“He’s probably the biggest rock star in the world and it’s very difficult to get an interview with him.” Milligan says. “I only really interview people that I’m a big fan of.”
Milligan says he is “emotionally invested” in Reverb Magazine and considers his involvement with it to be “satisfying”.
“I really believe in Reverb and I think Newcastle is hugely benefited in having a street press,” he says. “A lot of them have come and gone over the years… But we’ve found a way to make it work.”
Having been editor for close to a year, Milligan has incorporated features and fashion sections into the monthly publication.
He says that people seem to be acknowledging that it’s very different to what it was and the feedback has generally been great.
“Everyone I speak to loves it,” he says.
Today, while balancing his positions at Reverb Magazine and Yen Magazine, Milligan also pursues his interest in creative writing, claiming: “that’s what I hope to end up doing.”
The Bret Easton Ellis fan has “a novel half-finished sitting on the shelf” based somewhat on his personal experiences as a teenager living in Newcastle.
“But there’s a bit of a darker element to it!” He says.
In twenty years, Milligan aspires to be “a well-respected novelist and screen play writer,” he says. “And someone who gets asked by Rolling Stone to write features for them [laughs].”
On top of his music and writing pursuits, Milligan is admittedly a cinema buff, sharing a love for “some of the really obvious film nerd things” and listing directors Robert Rodriguez, Stanley Kubrick and David Fincher as his favourites.
He also enjoys short stories and poetry, declaring: “[Edgar Allan] Poe is a genius, as is Oscar Wilde” on his MySpace site.
On a typical weekend, Milligan can be found wherever the best live band is playing.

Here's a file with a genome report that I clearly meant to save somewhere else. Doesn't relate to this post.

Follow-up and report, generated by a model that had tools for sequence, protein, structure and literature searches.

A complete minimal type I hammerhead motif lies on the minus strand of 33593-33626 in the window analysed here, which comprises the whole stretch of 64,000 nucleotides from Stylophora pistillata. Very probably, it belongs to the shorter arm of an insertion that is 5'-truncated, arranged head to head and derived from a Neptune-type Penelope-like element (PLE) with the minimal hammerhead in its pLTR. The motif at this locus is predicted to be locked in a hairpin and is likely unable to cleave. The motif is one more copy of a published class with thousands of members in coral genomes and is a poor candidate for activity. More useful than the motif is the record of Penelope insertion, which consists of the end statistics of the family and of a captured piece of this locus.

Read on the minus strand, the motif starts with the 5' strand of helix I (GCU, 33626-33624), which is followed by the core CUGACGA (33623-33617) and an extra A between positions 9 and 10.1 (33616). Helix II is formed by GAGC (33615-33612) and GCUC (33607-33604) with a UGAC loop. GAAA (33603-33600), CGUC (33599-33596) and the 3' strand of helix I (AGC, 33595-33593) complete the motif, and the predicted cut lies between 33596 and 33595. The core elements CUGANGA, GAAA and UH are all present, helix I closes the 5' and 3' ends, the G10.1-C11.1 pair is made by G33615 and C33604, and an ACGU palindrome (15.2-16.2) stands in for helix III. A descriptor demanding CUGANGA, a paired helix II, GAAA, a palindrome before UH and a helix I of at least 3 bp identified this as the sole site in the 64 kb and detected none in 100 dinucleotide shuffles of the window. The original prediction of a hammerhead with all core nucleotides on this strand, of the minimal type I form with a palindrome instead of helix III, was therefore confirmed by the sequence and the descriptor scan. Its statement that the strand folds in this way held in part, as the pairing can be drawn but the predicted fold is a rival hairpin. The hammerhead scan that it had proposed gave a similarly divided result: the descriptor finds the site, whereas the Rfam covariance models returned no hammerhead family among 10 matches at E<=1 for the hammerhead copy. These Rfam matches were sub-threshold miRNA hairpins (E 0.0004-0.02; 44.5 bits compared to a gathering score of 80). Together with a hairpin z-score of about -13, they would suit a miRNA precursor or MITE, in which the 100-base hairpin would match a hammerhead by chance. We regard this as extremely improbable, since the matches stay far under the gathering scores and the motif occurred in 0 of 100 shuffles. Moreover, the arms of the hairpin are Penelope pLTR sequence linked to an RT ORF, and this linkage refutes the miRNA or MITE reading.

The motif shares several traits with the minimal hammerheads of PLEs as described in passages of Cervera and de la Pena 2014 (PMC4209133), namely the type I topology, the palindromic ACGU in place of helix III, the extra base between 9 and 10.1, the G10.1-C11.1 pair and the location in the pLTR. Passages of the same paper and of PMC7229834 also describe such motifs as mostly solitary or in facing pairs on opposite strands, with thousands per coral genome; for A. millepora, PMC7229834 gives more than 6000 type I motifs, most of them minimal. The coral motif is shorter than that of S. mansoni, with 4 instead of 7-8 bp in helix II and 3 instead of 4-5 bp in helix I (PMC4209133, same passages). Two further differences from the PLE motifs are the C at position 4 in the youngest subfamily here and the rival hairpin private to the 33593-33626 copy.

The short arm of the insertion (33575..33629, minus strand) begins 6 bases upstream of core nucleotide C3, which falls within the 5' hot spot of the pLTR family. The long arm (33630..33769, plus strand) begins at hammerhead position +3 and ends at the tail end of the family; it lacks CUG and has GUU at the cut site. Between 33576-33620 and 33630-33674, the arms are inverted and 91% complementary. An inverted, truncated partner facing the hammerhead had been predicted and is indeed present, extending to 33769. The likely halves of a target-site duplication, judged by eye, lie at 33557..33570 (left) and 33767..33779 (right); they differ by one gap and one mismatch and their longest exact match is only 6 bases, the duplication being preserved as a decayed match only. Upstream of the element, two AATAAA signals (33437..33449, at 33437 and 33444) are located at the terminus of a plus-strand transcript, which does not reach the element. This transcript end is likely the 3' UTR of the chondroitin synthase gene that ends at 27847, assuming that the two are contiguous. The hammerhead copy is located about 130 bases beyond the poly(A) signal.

“I spend a lot of money of concert tickets, that’s for sure!” He says, listing Supergrass, Daft Punk and Paul McCartney as his all-time favourite live performances.
“I don’t think that being a journalist is a very strict job,” he says. “[Often] journalists are out there doing interviews or writing on a laptop in a café or a pub.
“Usually you’re your own boss,” he says.
If he’s not in the Reverb office, Milligan can be found inside Newcastle’s cafés feeding his penchant for the “continental breakfast” and coffee.
He also balances his editorial positions with casual work as a bartender at The Civic Theatre.
Regularly pub-hopping with various bands until the early hours of the morning, Milligan says: “I drink a lot more than I should!”
Milligan’s bag contains all of the quintessential journalist necessities.
“My diary, CDs I’ve gotta review, my Dictaphone and pens,” he says.
Describing his personal style as “very down the line”, Milligan is wearing chic Morrissey glasses and a neat, v-neck sweater combined with blue, baggy jeans and thongs.
He recently underwent his annual haircut.
“I used to have really long hair, down to my shoulders almost,” he says. “I sort of have a routine – I get a haircut every year. I always let it grow back.”
Having come a long way from the days of being a “cheeky”, “pretty nerdy” and “probably frustrating” student, Milligan says that he is really, really happy at the moment.
When asked about his inspirations, he says: “I suppose other people who are doing what they’re doing for the right reasons, particularly within the music industry.
“I’m inspired when someone picks up a copy of Reverb and tells me they heard about a gig through it, feedback is always good, especially if people are enjoying it.”
When asked about his plans for the rest of the day, Milligan says: “I’ve got a lot of articles due!”
Having recently been published in Rolling Stone for an interview with Pete Townshend and The Who, Nick Milligan is certainly "Gettin' in Tune".